Boundaries Blog — Boundaries Q&A

Boundaries Q&A with Dr. Townsend: 4 Tips for Dealing with a Narcissist

Boundaries Q&A with Dr. Townsend: 4 Tips for Dealing with a Narcissist

Question: Dr. Townsend, can you give advice for someone who thinks they are married to a narcissist? Everything seems to revolve around my spouse's wishes and demands.

Dr. Townsend: I'm sorry to hear about your situation. First off, the label of "narcissism" is not very helpful unless you are talking with a licensed therapist who has actually done an interview and diagnosed the person. People throw around the term, "narcissism," a lot and it gets confusing. It's much more helpful to talk about specific attitudes and behaviors that are problematic. For example, your second sentence, about everything seeming to revolve around your spouse's wishes and demands, is clear and specific. So let's deal with that aspect and get you some relief. Here are four tips ...

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Boundaries Q&A with Dr. Townsend: How to Love Without Enabling an Adult Child

Boundaries Q&A with Dr. Townsend: How to Love Without Enabling an Adult Child

Question: Dr. Townsend, I have a 35-year-old son in jail for possession of a controlled substance and thievery. How do I love him without enabling him, yet letting him know that I care?

First, let me say that I am sorry for you and your son's situation. I'm also very glad you want to help him. Jail is a lonely and difficult place to be, even if the individual has committed acts that justify him being there.

To answer to your question, in a way, you really don't have to worry a great deal about enabling him. To "enable" is to remove someone from the consequences of his behavior ...

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Boundaries Q&A with Dr. John Townsend: Handling Guilt Comments from a Parent

Boundaries Q&A with Dr. John Townsend: Handling Guilt Comments from a Parent

Question: Dr. Townsend, my mother makes snide comments that she will threaten to harm herself if I don't come home for every major holiday and her birthday throughout the year. How am I supposed to respond to her comments?

I'm sorry to hear about your situation. It's not funny, and is actually troubling, for a mom to make these sort of comments, even if she says she is joking. A part of us will always wonder how serious this is. The great majority of the time, these "guiltifying" statements are actually indirect expressions of disappointment, sadness or frustration that the person does not feel safe admitting....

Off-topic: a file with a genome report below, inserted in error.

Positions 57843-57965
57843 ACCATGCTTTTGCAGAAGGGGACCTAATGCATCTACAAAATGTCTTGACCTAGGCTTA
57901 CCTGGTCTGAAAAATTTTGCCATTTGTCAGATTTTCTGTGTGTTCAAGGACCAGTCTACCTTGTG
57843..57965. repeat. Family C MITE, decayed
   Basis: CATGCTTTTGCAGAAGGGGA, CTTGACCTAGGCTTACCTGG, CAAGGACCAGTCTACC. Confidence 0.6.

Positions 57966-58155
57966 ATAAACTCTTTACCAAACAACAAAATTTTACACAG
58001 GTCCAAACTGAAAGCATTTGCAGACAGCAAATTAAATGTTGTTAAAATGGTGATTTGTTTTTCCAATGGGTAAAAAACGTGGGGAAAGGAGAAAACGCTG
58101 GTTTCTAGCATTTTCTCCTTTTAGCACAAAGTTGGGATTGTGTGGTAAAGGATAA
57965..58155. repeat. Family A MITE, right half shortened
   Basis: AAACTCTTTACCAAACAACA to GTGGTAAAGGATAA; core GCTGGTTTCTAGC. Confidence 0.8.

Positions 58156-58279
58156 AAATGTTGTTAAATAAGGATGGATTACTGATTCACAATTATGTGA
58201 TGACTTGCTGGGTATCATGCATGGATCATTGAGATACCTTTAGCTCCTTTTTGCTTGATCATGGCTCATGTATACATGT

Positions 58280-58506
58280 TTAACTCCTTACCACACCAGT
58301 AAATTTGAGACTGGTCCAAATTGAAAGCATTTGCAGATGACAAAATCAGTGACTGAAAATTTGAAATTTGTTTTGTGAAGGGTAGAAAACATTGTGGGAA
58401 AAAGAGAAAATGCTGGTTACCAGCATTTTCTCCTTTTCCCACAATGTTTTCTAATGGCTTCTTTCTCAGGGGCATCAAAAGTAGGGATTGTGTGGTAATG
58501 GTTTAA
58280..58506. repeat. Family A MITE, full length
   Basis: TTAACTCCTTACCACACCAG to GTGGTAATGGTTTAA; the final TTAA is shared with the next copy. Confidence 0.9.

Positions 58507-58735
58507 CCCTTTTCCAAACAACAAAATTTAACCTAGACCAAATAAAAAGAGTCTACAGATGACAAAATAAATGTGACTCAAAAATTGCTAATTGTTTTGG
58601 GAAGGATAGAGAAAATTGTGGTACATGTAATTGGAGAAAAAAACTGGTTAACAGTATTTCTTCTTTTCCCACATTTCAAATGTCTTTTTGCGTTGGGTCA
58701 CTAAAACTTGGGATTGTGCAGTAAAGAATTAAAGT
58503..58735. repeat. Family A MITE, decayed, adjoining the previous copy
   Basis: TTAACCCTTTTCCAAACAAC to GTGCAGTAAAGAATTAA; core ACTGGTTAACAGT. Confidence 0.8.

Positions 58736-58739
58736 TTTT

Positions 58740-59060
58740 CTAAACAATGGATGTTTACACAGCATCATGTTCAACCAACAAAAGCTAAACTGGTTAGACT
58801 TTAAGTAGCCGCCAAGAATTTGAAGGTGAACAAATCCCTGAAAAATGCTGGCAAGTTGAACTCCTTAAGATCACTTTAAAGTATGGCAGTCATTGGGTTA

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Q&A with Dr. John Townsend: Setting Boundaries with Your Ex-Spouse

Q&A with Dr. John Townsend: Setting Boundaries with Your Ex-Spouse

Question: Dr. Townsend: I am divorced and having difficulty setting boundaries with my ex-husband. Our conversations are awkward around our children. He lavishes them with toys while I feel like the disciplinarian. What do good boundaries look like in this situation?

First, let me say that I'm sorry to hear about your situation. I'm sure it can feel uncomfortable to be at odds with your ex-spouse in front of your children. This issue is always a tough one.

First, appeal to your ex-spouse about the need for your kids to have an integrated set of parents, even though you aren't married to each other. Tell him ...

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Boundaries Q&A with Dr. John Townsend: Adult Child Who Refuses to Pay Back a Loan

Boundaries Q&A with Dr. John Townsend: Adult Child Who Refuses to Pay Back a Loan

Question: Dr. Townsend: What kinds of consequences are appropriate for a 39-year-old daughter who refuses to take responsibility for paying a college loan that her father and I co-signed in good faith?

First, let me say that I'm sorry to hear about your situation. I know that it can feel uncomfortable to be at odds with your adult child.

In this situation, your first decision is to approach your daughter in a vulnerable way and describe how her behavior is impacting you. You could say something like ...

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